January has arrived once more and along with it, the extremes of either icy ground or wet mud under our feet. I think regardless of age and ability the thought that runs through our minds when stepping out into these conditions is, “be careful not to fall”.
Taking sensible precautions such as wearing suitable rubber soled shoes and boots, avoiding situations beyond your confidence level, looking where you step etc is a given.
Even if we practice balancing exercises, the likelihood is that most of us will fall to the ground at some point in our lives. This may seem a touch pessimistic but the point my friends is this, if the likelihood is that we are going to fall, isn’t it better to understand how to fall more safely wherever it’s possible? In my experience the main problem with falling is not necessarily the fall itself but the fear of falling. The people I have worked with who fall relatively frequently, either because of balance issues or other medical conditions, generally have less fear about falling than those who have never fallen or have, and have really hurt themselves.
The problem with fear:
- It causes you to tense up
- Hold your breath
- Cloud your thinking
IT DOES ABSOLUTELY DIDDLY SQUAT IN REDUCING THE CHANCES OF FALLING.
The problem with tensing up, holding your breath, not thinking clearly is: you WILL fall harder and more awkwardly and therefore are far more likely to hurt yourself.
Back to my frequently falling people. I would suggest that those who fall more often learn:
1) falling doesn’t always result in serious harm
2) you can learn to fall more safely
3) that fear does nothing but increase the risk of falling and landing hard.
If we prepare ourselves and have a learnt response in our heads, as with any other muscle memory we can improve the way we fall and potentially reduce the chances of hurting ourselves.
I realise there are times when, within the fraction of a second, we can find ourselves sprawled on the ground because we have slipped so fast we haven’t had a chance to think about anything. That is a reality but I’m not talking about those kinds of falls. I’m talking about the ones where we know we are going over and we have 1-2 seconds to respond. If you’re thinking that isn’t enough time to do anything, count out 1000, 2000 and you’ll find there is more thinking time available than you might first have imagined.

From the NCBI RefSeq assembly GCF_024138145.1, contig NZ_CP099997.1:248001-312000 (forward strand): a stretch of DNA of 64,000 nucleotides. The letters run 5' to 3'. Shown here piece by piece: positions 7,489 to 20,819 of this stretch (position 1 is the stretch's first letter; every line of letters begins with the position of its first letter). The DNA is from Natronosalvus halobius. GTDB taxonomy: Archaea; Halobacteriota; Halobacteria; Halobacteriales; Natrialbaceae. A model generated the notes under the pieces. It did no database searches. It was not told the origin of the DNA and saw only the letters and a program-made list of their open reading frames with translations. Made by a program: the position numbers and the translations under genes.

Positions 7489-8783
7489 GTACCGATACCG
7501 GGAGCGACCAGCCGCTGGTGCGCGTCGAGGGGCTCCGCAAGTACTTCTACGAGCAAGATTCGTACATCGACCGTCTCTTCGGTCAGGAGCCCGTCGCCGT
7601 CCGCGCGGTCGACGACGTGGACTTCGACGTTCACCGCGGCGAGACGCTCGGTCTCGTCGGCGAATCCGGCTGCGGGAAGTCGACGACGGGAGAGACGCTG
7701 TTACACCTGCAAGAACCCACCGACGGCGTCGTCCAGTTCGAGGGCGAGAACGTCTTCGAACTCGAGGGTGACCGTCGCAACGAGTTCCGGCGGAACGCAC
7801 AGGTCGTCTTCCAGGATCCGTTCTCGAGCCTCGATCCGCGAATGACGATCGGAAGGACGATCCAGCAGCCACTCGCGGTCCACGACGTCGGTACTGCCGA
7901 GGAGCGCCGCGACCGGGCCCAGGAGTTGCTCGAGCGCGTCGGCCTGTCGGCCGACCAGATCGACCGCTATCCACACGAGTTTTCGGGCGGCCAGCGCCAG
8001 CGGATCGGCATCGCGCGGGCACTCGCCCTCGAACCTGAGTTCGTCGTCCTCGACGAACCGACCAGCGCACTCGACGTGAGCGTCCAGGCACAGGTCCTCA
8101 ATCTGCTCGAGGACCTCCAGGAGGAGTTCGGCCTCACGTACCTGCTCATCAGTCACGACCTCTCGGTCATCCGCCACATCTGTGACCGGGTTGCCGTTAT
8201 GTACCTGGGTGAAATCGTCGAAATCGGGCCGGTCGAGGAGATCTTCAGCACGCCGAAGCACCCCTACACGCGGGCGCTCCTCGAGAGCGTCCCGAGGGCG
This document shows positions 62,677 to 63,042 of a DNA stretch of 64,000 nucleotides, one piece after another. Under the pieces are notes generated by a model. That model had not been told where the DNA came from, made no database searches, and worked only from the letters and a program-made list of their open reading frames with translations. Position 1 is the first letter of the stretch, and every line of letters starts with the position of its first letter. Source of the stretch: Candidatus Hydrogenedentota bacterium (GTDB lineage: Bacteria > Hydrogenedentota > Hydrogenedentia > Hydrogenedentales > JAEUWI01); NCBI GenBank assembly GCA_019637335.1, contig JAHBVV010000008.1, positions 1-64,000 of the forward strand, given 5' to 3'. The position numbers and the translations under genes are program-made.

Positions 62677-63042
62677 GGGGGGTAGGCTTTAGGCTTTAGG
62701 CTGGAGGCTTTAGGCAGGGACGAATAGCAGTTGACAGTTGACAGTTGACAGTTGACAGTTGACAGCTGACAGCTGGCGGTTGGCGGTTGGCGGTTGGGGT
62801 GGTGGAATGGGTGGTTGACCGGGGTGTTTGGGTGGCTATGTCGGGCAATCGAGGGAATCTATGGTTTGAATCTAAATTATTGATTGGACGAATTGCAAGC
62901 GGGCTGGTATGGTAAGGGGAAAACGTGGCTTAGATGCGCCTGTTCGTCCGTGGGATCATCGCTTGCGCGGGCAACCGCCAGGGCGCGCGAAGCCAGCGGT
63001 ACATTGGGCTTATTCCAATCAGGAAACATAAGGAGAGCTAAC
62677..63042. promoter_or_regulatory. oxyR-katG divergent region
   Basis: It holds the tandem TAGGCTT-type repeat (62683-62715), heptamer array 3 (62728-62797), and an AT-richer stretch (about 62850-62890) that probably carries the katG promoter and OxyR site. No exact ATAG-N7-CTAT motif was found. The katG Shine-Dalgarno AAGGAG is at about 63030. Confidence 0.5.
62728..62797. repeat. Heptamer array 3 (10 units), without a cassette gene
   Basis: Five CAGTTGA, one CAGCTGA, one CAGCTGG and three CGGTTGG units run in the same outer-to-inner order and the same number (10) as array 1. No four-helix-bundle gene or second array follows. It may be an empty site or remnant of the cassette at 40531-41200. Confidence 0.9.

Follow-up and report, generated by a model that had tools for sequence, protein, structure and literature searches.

To find out what hurt most and what hurt least I practiced falling on a trampoline, much to the amusement of my husband (photographer) and our incredulous children (incredulous and amused that I chose to repeatedly fall and requested to be repeatedly filmed doing it). What I do for you my friends…
THREE THINGS TO REMEMBER: BEND. SLUMP. ROLL.
1.BEND YOUR KNEES, CROSS YOUR ARMS, TWIST AWAY FROM THE FALL
2.BREATHE OUT AND SLUMP INTO THE FALL
3.ROLL WITH THE MOMENTUM AS YOU LAND
Of course there a many ways in which we can fall to the ground; head first, backwards, sideways. However where it’s possible to bend slump roll, then, bend slump roll.
What hurts most when you land
1.Stretching out your arm to stop yourself. Slumping onto your side by bending your knees and twisting, changes the point of impact away from your hip or your wrist.
2.Trying to stop the fall when you simply can’t, results in you reaching out, trying to grab things which aren’t there making you fall more awkwardly.
3. Tensing up and holding your breath can result in a harder landing.
4. Attempting to stop the momentum of rolling over the moment you land, prevents the force of landing being quickly dissipated out of your body. Your body then holds the brunt of the landing.
Falling is still a horrible thought, even for me. However, having some idea as to how you could lessen the impact and potential harm is significantly less horrible. I hadn’t practiced falling in a while prior to writing this blog and it was good for me to remind myself of the mantra ‘bend slump roll’.
Keep the mantra in your head of course but prevention is always better than remedying a landing. Practicing your balance reactions to maintain constancy even if it doesn’t seem to improve, IS SO IMPORTANT. Too many times I hear people resign themselves to having terrible balance and a reason to justify not practicing. Don’t be that person.
If you wobble for England standing on one leg without falling over you have effective balance reactions. To improve, what you need is effective balance reactions in more challenging circumstances (June 2017 blog). Standing rigidly still, staring at a spot on the wall is NOT EFFECTIVE BALANCE CONTROL. Wobbling like the wobbliest wobbler without falling over, is!